Victims ID’d in Kobe Bryant crash | Foggy weather may have been a factor
CONTINUING COVERAGE: KOBE BRYANT’S DEATH
By Tim Darnell
Jan 27, 2020
NBA legend, 8 others killed in Sunday tragedy
The helicopter carrying Kobe Bryant and eight others that crashed into a rugged hillside outside Los Angeles was flying in foggy conditions considered dangerous enough that local police agencies grounded their choppers.
The helicopter plunged into a steep hillside at about 9:45 a.m. Sunday with an impact that scattered debris over an area the size of a football field and killed all aboard. The accident unleashed an outpouring of grief from admirers around the world who mourned the sudden loss of the all-time basketball great who spent his entire 20-year career with the Los Angeles Lakers.
John Altobelli, 56, baseball coach at Orange Coast College
Keri Altobelli, wife of John Altobelli
Alyssa Altobelli, the Altobellis' daughter and one of Gianna's basketball teammates
Christina Mauser, basketball coach at Harbor Day School, Gigi Bryant's school
Payton Chester, a middle school student
Sarah Chester, Payton Chester's mother
Ara Zobayan, pilot
John Altobelli, known as "Coach Alto," had been the school's coach for the past 27 years, Orange Coast College confirmed.
"It's hard to put into words what this loss means to the college and the athletics department," OCC Athletics Director Jason Kehler said. "John was a tremendous coach and an even better friend. Beyond that, he was an amazing mentor to all of the students and athletes that he taught and coached. He treated them all like family and his impact will live on forever."
Altobelli was about to start his 28th season with the Pirates.
Jeff McNeil, an infielder for the New York Mets, paid tribute to Altobelli and called him "one of my favorite coaches I have ever played for and one of the main reasons I got a chance to play professional baseball."
Matt Mauser, husband of victim Christina Mauser, paid tribute to his wife on Facebook:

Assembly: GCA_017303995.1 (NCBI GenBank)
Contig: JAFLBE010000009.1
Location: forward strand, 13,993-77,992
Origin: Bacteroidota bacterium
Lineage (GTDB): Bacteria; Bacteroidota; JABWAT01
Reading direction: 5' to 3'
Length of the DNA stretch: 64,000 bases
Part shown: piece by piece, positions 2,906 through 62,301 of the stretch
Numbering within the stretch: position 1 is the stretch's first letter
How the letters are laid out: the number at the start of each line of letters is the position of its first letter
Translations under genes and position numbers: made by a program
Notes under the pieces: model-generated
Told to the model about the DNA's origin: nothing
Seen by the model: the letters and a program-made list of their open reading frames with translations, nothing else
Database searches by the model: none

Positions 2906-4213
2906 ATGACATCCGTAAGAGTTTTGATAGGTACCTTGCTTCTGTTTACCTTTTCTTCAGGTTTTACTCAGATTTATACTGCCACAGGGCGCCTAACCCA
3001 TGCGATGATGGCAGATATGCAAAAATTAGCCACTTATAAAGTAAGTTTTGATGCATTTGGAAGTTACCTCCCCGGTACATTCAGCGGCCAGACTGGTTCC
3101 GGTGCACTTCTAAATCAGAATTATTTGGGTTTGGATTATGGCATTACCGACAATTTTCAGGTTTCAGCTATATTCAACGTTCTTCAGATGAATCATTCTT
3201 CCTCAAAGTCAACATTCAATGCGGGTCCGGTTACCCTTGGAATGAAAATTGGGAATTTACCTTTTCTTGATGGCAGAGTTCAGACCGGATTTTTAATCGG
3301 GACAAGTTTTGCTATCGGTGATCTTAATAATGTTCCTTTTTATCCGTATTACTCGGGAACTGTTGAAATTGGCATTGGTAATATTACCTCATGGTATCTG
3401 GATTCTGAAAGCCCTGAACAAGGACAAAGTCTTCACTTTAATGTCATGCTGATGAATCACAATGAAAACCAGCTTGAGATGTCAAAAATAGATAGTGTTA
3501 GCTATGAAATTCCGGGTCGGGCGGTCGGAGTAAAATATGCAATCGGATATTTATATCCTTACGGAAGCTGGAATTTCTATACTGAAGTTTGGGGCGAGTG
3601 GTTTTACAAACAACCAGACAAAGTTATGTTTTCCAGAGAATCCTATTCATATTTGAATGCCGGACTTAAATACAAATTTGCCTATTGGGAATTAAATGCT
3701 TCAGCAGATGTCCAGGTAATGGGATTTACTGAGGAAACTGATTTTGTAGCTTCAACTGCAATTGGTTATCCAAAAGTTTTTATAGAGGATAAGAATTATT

Thousands of fans, many wearing Bryant jerseys and chanting his name, gathered outside the Staples Center in downtown Los Angeles, home of the Lakers and site of Sunday’s Grammy Awards where Bryant was honored.
The 41-year-old Bryant was one of the game’s most popular players and the face of the 16-time NBA champion Lakers.
The cause of the crash was unknown, but conditions at the time were such that the Los Angeles Police Department and the county sheriff’s department grounded their helicopters.
The Los Angeles County medical examiner, Dr. Jonathan Lucas, said the rugged terrain complicated efforts to recover the remains. He estimated it would take at least a couple of days to complete that task before identifications can be made.
Bryant’s helicopter left Santa Ana in Orange County, south of Los Angeles, shortly after 9 a.m. and circled for a time just east of Interstate 5, near Glendale. Air traffic controllers noted poor visibility around Burbank, just to the north, and Van Nuys, to the northwest.
After holding up the helicopter for other aircraft, they cleared the Sikorsky S-76 to proceed north along Interstate 5 through Burbank before turning west to follow U.S Route 101, the Ventura Highway.
Shortly after 9:40 a.m., the helicopter turned again, toward the southeast, and climbed to more than 2,000 feet. It then descended and crashed into the hillside at about 1400 feet, according to data from Flightradar24.
When it struck the ground, the helicopter was flying at about 160 knots, or about 184 mph and descending at a rate of more than 4,000 feet per minute, the data showed.
The chopper went down in Calabasas, about 30 miles northwest of downtown Los Angeles. Bryant’s Mamba Sports Academy in Thousand Oaks was holding a basketball tournament on Sunday.
Bryant retired in 2016 as the third-leading scorer in NBA history, finishing two decades with the Lakers as a prolific shot-maker with a sublime all-around game and a relentless competitive ethic. He held that spot in the league scoring ranks until Saturday night, when the Lakers’ LeBron James passed him for third place during a game in Philadelphia, Bryant’s hometown.
He was the league MVP in 2008 and a two-time NBA scoring champion, and he earned 12 selections to the NBA’s All-Defensive teams. He teamed with Shaquille O’Neal in a combustible partnership to lead the Lakers to consecutive NBA titles in 2000, 2001 and 2002.
His Lakers tenure was marred by scandal when in 2003, Bryant was accused of raping a 19-year-old employee at a Colorado resort. He said the two had consensual sex, and prosecutors later dropped the felony sexual assault charge at the request of the accuser. The woman later filed a civil suit against Bryant that was settled out of court.
Bryant went on to win two more titles in 2009 and 2010, and retired in 2016.